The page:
Bangladesh may not be the first travel destination you would pick, but this South Asian country bordered by India has however numerous wonders to offer to its visitors. Adventurers will find here beautiful beaches, numerous rivers and waterfalls, marshy jungles and the largest mangrove forest in the world. The diverse ecosystems of Bangladesh are home to a rich flora and fauna, including the majestic Bengal Tiger. Remote rural villages hide warm and hospitable people, who will often welcome the foreign visitors with a cup of tea. Traveling in Bangladesh is a genuine eye-opening experience, ideal for those seeking a true change of scenery.
INFORMATIONS ABOUT HEALTH
We make every effort to ensure that the information posted on our website is up to date and accurate according to the latest public health recommendations; however, it is impossible for us to make changes on a daily basis.
For the most current travel health recommendations, please call our clinic as make an appointment with one of our travel health professionals.
BANGLADESH – RECOMMENDED VACCINES
|The Yellow Fever Vaccine||A proof of vaccination against yellow fever may be required upon entry in to this country.
Some travellers may not be eligible to receive this vaccine. Please enquire with your health care professional regarding your specific details.
It is important to note that the vaccine should be administered at least 10 days prior to your departure.
For further information, please consult with the World Health Organization (WHO) website:
|Hepatitis A||Recommended for all travelers.|
|Hepatitis B||Recommended for all travelers.|
|Causes, Symptoms & Treatment – Typhoid fever||Recommended for all travelers.|
|Tetanus – Diphteria – Pertussis Vaccine||Tetanus: In exceptional circumstances (eg, stay in a region where access to health care is limited), for a person aged 18 years or older, 1 dose of DT may be given if 5 years or more has elapsed since the last dose. Otherwise, one booster dose at the age of 50*. Pertussis (Whooping Cough): 1 dose is recommended for pregnant women, for every pregnancy, regardless of immunization history and the interval since the last dose (betwen week 26 and 32). *Only applicable for Quebec.|
|Polio||One-time booster recommended for any adult traveler who completed the childhood series but never had polio vaccine as an adult (after 18 years old only).|
|Measles – Rubella – Mumps||Two doses recommended for all travelers born after 1970, if not previously given.|
|Flu – Influenza||Seasonal influenza occurs worldwide. The flu season usually runs from November to April in the northern hemisphere, between April and October in the southern hemisphere and year round in the tropics. Influenza (flu) is caused by a virus spread from person to person through coughing and sneezing or by touching infected surfaces. Everyone 6 months and older should get a flu vaccine yearly. Vaccine is recommended 14 days prior to departure.|
|Information, Advice & Vaccination – Japanese Encephalitis||Recommended for the following groups visiting certain remote areas:
|Routine vaccines (dCaT, Polio, Meningococcal, Shingles, Pneumococcal, Hepatitis B, HPV, MMR & Varicella)||Recommended for all travelers|
|Transmission, Symptoms and Prevention – Rabies||For travelers at high risk of animal bites or being involved in activities with bats, dogs and other mammals. Clients who plan to visit remote areas may consider receiving this vaccine. Important to note the pre-exposure rabies vaccine is administered in 2 doses with one week interval between doses. Post-exposure vaccination is always recommended, even for those previously vaccinated.|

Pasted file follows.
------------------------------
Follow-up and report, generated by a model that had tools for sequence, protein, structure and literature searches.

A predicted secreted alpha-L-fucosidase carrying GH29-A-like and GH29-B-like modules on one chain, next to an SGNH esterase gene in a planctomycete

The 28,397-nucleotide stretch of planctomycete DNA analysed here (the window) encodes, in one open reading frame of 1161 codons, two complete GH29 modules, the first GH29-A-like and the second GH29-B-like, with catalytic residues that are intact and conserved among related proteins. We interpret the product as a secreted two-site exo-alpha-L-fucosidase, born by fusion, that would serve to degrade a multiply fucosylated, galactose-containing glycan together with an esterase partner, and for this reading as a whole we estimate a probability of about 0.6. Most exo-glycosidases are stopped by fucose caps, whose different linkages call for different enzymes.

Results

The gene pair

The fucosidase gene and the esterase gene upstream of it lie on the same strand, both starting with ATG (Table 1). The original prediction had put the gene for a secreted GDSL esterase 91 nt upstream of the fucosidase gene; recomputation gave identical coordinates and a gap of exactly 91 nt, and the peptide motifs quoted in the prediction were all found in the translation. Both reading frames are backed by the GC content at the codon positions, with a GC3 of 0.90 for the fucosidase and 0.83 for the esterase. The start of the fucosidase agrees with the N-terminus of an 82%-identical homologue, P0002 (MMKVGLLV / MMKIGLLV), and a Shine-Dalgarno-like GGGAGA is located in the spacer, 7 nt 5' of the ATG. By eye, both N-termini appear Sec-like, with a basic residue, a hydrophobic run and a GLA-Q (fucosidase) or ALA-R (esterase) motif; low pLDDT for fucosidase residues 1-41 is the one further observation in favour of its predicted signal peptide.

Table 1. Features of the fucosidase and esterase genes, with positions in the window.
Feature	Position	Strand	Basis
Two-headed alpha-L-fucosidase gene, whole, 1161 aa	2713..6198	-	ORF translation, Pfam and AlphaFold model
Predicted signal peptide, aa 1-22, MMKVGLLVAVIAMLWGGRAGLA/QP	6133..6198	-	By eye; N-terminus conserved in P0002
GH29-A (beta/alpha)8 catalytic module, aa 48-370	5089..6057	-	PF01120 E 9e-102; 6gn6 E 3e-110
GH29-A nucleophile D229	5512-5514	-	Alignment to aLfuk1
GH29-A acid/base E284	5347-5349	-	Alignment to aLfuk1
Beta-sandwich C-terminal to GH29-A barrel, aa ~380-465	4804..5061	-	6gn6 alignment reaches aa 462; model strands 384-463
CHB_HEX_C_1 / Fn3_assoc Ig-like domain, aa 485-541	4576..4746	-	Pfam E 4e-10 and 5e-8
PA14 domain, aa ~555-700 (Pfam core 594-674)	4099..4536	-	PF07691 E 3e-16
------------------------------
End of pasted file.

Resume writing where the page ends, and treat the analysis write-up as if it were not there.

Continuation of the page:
|Turista – Traveler’s Diarrhea (ETEC)||Talk to your health care professional about the risks and precautionary measures to take, as well as the Dukoral® vaccine. Important to note that the Dukoral vaccine is an oral vaccine given in 2 doses, recommended at least 2 weeks prior to departure.|
|Malaria||Malaria is present in this country. The risk may be region specific. Prophylaxis measures to be discussed with the health care professional.|
|Cholera||Recommended for humanitarian workers, health care providers and/or adults who are traveling to areas of active cholera transmission.|
|Dengue Fever, Chikungunya and/or Zika||There are many illnesses that are transmitted via mosquito bites and unfortunately we do not have vaccines to protect us against most of them. It is important to inquire with your healthcare professional regarding the specific risks and the different illnesses presently in circulation.|
Bangladesh has a very poor health care system. The medical infrastructure is insufficient and in very bad condition, even in the most touristic areas. The best hospital you can find in Bangladesh is the Apollo Hospital in Dhaka. It has modern medical equipment and qualified staff. Be aware that consultations, medicines and treatments have to be paid in cash.
Emergency services are extremely limited in Bangladesh. If you need an ambulance, you can contact the Apollo Hospital at 880 9896623 2.
The medicines sold in Bangladesh don’t undergo rigorous quality controls. Many counterfeit drugs circulate freely in the country and some pharmacists don’t have a governmental license. It is thus essential that you bring your own medical supplies in sufficient quantities.
- Police, firefighters and ambulance (from a cellular phone only): 999
- Helpline for violence against women and children: 10921
If you are in Dhaka, you can also dial the following numbers from any phone:
- police: 88 017 133 98311 / 8802 951 4400
- firefighters: 8802 955 5555 / 8802 955 6666 / 8802 955 6667
If you do not have a cellular phone and are outside of Dhaka, research and carry contact information for local police and medical facilities.